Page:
How many fire chiefs in the U.S. are in full-time, paid positions? How many are fire chiefs who receive some form of compensation or stipend, but less than would a full-time chief? How many are volunteer chiefs who receive no compensation for their time, energy or effort? I tried to find the answers to these questions recently, and while I could find bits of answers in many places, there is no single agreed-upon number.
As you are reading this magazine, there’s a good chance you fall into one of the categories above — which of the three doesn’t matter. I don’t write separate columns for paid and unpaid. A chief is a chief regardless of compensation. Consider that our starting point.
Many believe that the fire service is about to undergo major changes that will affect these categories. Some argue that the volunteer fire service is going to become extinct; others pose that middle management in paid departments is an endangered species. But might these changes just be part of natural fire-service evolution? Charles Darwin postulated a theory a long time ago that the survival of a species only results when the organism evolves to meet current living conditions.
The volunteer fire chief has no less a duty to perform, than a person who is receiving compensation, but may have a limited amount of time in which to participate in the training and education system we have created for the full-time chiefs. Middle management is vulnerable during budget reductions because of cost/benefit analyses that often place little value on span of control and unity of command issues.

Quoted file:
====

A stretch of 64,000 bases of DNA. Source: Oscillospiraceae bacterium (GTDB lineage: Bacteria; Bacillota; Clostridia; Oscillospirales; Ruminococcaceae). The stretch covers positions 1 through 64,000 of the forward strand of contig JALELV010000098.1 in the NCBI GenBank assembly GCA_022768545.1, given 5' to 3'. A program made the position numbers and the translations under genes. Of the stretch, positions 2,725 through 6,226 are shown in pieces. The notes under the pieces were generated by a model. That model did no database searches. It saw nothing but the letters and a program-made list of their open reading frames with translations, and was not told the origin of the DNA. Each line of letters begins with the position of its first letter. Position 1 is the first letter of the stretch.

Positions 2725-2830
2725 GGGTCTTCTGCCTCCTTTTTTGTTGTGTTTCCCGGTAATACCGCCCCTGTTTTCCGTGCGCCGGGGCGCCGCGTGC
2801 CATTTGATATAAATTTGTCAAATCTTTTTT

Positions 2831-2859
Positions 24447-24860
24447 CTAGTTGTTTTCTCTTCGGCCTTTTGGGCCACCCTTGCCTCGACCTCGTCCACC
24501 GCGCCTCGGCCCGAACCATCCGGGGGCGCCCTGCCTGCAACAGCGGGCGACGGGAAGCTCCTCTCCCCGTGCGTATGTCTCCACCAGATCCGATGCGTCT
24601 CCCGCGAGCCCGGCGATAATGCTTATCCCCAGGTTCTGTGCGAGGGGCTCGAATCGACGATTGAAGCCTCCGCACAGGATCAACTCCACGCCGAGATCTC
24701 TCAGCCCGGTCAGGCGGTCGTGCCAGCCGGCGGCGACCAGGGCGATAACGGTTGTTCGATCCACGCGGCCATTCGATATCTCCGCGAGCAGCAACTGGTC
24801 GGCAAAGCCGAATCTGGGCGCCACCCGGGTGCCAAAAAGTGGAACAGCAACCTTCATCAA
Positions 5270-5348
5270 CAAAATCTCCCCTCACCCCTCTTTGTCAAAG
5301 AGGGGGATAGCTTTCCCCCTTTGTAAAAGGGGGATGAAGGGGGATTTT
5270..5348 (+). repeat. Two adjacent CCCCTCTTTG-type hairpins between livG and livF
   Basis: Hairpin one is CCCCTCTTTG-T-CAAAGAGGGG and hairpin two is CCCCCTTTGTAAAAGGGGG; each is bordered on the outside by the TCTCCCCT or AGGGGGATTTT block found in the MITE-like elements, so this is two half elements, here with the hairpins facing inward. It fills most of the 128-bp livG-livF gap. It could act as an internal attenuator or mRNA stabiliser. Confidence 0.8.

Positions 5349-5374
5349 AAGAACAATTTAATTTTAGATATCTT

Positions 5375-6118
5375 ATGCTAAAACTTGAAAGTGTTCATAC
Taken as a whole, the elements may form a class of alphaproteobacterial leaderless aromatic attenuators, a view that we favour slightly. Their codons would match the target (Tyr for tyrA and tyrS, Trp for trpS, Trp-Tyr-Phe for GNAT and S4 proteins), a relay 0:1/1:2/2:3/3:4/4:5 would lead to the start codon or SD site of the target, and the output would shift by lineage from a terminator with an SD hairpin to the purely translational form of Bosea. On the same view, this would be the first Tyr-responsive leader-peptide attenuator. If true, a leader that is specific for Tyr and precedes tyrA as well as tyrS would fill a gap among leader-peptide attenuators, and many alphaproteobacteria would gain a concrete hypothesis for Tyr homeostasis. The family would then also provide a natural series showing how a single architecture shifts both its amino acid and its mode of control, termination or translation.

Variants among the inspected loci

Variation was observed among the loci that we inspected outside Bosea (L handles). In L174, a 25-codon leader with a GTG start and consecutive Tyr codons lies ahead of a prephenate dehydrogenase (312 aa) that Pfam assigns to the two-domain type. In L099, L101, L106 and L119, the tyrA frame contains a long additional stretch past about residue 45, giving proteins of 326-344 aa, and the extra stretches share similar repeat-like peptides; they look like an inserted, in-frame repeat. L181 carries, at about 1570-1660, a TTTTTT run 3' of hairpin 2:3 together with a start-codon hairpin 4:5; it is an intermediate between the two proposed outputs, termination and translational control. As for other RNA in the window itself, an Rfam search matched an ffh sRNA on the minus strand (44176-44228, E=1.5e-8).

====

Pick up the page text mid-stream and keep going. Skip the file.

The volunteer fire service as iconicized by Norman Rockwell’s Saturday Evening Postcovers — with a fire truck pulling out from volunteer station and a bunch of businessmen running behind it to jump on — still generally works well in the context of a limited community, which I define as one with less than 5,000 residents. It is highly possible that such communities need a volunteer fire department. It is probably the only thing they can afford.
But as communities become more heavily populated, the demand placed on volunteers increases and they eventually have to be replaced by more full-time personnel. The issue isn’t competency, it’s coverage. Almost every major metropolitan fire department in this country — Los Angeles, New York, Philadelphia and Boston to name a few — began as a volunteer fire departments. But there came a point in time in which the demand upon the service could not easily be provided by a volunteer staffing system. Trying to fit three of four emergencies into volunteers’ day-to-day lives becomes imposing.
So what do volunteer chiefs need to know? I have a very large library in my office on things that some people know, other things that very few people know, and a whole lot of things that many people do not know. The person who is serving as a volunteer fire chief in a community has the same obligations to his or her staff as would a paid chief. Most importantly, the chief needs to operate the department in a safe and efficient manner. The community also wants the chief to operate the department legally. Does a volunteer need to know about risk assessment? Yes. Does a volunteer chief need to know about NFPA standards? Of course. However, many people fail to apply common sense to the depth of required knowledge.
If your department is a volunteer service, you can no longer operate it as a social club. You are a viable part of the nation’s first line of fire defense. And, if you have a an organization that is paid at every level, it has to pull its weight in terms of outcome. Both of these require a change of attitude by many of the incumbents.
It is a process that Darwin easily would have recognized.